There's a man I've seen near the intersection of Santa Monica Boulevard and Vermont Avenue who kicks his right foot out sideways when he walks. His whole body faces forward, except for that foot. It's probably a misaligned prosthetic, but I like to pretend it's an empowered appendage. “Why do I always have to follow you around?” it asks the left foot. “I'm not gonna do it anymore.” I usually see him when I'm walking to the bus stop in the morning. I recognize his pendulum-like saunter from across the avenue and try not to mimic the swaying with my own restless body. For whatever reason, his routine appearances comfort me.
On the bus one time I saw a man check his watch. Normally this wouldn't pique my interest, but the man was holding a cup of chocolate milk in his watch hand. The cup was at a 90-degree angle before he realized he'd poured a couple ounces of chocolate milk onto his crotch. Later that morning I told the story to a coworker who cocked her head to the side and asked, “Why were you on the bus?”
It's such a weird question, but I get it all the time. People become incredulous when they find out I don't have a car in Los Angeles. “What happened to your car?” they ask, as if every person who lives in L.A. gets a car upon arrival — if you don't have yours, something bad must've happened. And OK, fine, something bad did happen, something that caused my head to whip back and my muscles to spasm. It caused my car to shatter into many pieces, some of which are still sprinkled across Interstate 405. As far as car accidents go, mine was pretty anticlimactic. A 23-year-old dude was showing off how fast his BMW could go and clipped a car, which proceeded to smash into another car. I was driving that other car.
Before the accident I was an unemployed, broke, depressed, out-of-shape girl-lady. Now I have a job, a little bit of money, and I'm ecstatic all the time — like a coked-up Chihuahua. (I'm still out of shape, but, you know, whatever to that.) It changed the trajectory of my life by inspiring me to do something I'd never done before: reach out about an interview I'd clearly bombed the month prior. I'd become scrappier. In the email I used phrases like “incredible opportunity” and “work my ass off” to show I was a fun-time professional still desperately interested in the position. I never would've sent an email like this when I had the material security of a car. With a car I still had options — so I sat around squandering my L.A. savings on half-finished ideas and parking tickets. Now I was pulling Hail Marys like the little Jewy football player I never wanted to be. The Hail Mary email didn't get me the job, but it did get me an interview for a different job at the same company. That interview also didn't get me the job, but it made me confident enough to apply again — which finally landed me the job, one that I still have and love to this day.
To get to work I take the Four (that's a bus!) which drops me off on the same block as my office. Every morning I'm greeted with questions like: How did you get here? When are you going to get a car? What's your name again? My steady schedule and close proximity to work are big factors in my decision to not get another car. Not everyone's so lucky, but it takes me 20 minutes to get to work by bus (regardless of traffic). It takes 15 minutes by bike and I'm not even a bike person; I'm just really working on that whole “in shape” thing. My life has gone from car-breakdown-related mental breakdowns to blissful cruises down palm-tree-lined streets. I've learned that the prevalence of ride-sharing apps combined with ever-expanding transit options makes owning a car in L.A. less of a necessity and more of an inconvenience. Sure, if you're rich and your car purrs like a kitten, then it makes sense to drive everywhere. But also, get outta here, Richy! Go read the Rich People's Magazine for Rich People by Rich People.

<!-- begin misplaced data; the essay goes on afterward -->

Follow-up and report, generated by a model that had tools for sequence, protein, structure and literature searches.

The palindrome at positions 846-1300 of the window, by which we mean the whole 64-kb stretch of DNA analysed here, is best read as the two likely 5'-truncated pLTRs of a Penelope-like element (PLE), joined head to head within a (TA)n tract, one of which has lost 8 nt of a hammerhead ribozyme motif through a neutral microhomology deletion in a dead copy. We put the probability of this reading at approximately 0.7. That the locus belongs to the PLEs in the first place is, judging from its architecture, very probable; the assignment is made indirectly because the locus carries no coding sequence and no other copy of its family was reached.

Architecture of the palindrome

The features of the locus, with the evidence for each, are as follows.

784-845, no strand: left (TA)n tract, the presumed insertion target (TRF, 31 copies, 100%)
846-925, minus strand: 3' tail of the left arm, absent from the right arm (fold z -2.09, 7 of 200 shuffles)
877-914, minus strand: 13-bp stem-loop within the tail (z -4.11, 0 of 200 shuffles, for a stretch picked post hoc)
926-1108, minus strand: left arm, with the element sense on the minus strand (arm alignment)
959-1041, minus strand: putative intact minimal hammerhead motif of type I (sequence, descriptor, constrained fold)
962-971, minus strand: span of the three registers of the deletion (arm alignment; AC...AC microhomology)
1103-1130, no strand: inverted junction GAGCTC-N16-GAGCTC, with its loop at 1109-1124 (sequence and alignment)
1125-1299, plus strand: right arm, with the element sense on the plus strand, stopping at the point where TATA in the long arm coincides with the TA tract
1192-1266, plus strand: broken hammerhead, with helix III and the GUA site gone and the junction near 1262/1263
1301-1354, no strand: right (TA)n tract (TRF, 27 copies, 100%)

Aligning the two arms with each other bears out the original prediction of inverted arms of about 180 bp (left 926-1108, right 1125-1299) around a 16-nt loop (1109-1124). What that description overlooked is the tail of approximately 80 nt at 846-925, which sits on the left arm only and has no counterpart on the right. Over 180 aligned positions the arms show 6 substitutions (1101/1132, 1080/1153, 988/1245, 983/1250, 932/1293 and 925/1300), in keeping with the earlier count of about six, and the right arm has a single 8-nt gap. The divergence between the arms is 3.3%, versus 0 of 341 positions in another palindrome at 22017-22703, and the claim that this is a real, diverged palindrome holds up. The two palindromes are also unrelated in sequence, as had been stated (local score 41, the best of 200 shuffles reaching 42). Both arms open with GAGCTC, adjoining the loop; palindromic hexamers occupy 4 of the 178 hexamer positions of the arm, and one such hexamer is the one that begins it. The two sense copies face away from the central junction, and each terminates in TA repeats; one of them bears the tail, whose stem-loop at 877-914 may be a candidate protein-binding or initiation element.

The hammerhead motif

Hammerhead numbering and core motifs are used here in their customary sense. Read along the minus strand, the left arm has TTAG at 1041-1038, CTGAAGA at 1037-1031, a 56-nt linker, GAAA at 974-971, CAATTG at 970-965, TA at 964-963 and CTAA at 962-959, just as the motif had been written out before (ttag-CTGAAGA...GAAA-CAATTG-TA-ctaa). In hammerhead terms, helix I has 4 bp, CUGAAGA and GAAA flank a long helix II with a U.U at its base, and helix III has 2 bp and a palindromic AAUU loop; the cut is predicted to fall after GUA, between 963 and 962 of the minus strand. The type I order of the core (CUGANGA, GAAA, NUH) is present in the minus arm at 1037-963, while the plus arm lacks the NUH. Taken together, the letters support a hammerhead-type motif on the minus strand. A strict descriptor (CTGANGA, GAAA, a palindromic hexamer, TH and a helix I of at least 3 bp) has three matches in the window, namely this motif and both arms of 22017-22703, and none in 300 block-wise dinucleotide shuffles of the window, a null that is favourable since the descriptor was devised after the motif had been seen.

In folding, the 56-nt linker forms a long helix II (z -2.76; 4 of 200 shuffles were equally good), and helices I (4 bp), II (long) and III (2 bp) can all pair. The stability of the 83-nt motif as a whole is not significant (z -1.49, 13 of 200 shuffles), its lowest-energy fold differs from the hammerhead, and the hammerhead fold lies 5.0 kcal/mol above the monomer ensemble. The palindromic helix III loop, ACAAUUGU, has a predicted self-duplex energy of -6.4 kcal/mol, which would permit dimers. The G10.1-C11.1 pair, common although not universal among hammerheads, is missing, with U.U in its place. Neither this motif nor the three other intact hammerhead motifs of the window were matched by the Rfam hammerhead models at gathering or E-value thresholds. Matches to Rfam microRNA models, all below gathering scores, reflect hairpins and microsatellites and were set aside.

Of course going car free is not an option for everyone, but decreasing car use is. Too many people gravitate toward the comfort and convenience of a car without realizing that it can breed apathy. I was totally disinterested in this city when I had a car. I've always preferred the hustle and bustle of pedestrian cities. When I moved to L.A. I missed bumping elbows with strangers on subways, I missed seeing people give their seats to old ladies on buses, and I missed shoulder rats distracting me from crap days. Most of all, I missed the stories I'd accrue on my adventures through the city. All I felt when I moved here was a deep-seated isolation. I was too embarrassed to tell anyone how miserable I was, so I stuck to superficial conversations about the weather. I was a “Yeah, it is really beautiful here” broken record — until my car accident pushed me to walk, bus, train, and bike everywhere. Using public transit has opened my eyes to a different city. A darker, more interesting L.A. hidden under concrete roads and in metal tubes. Every day I'm faced with my privilege and my weaknesses. I see young mothers drag their sleeping toddlers onto the bus at 5 a.m. I've stolen glances at men who scare me and men who interest me. One time someone on my bus pulled out a gun and another time a man poured chocolate milk on his penis. It's all made me smarter about how I exist in this city. L.A. has a ways to go before it's known as a pedestrian city, but it's trying and that's good enough to keep me car free.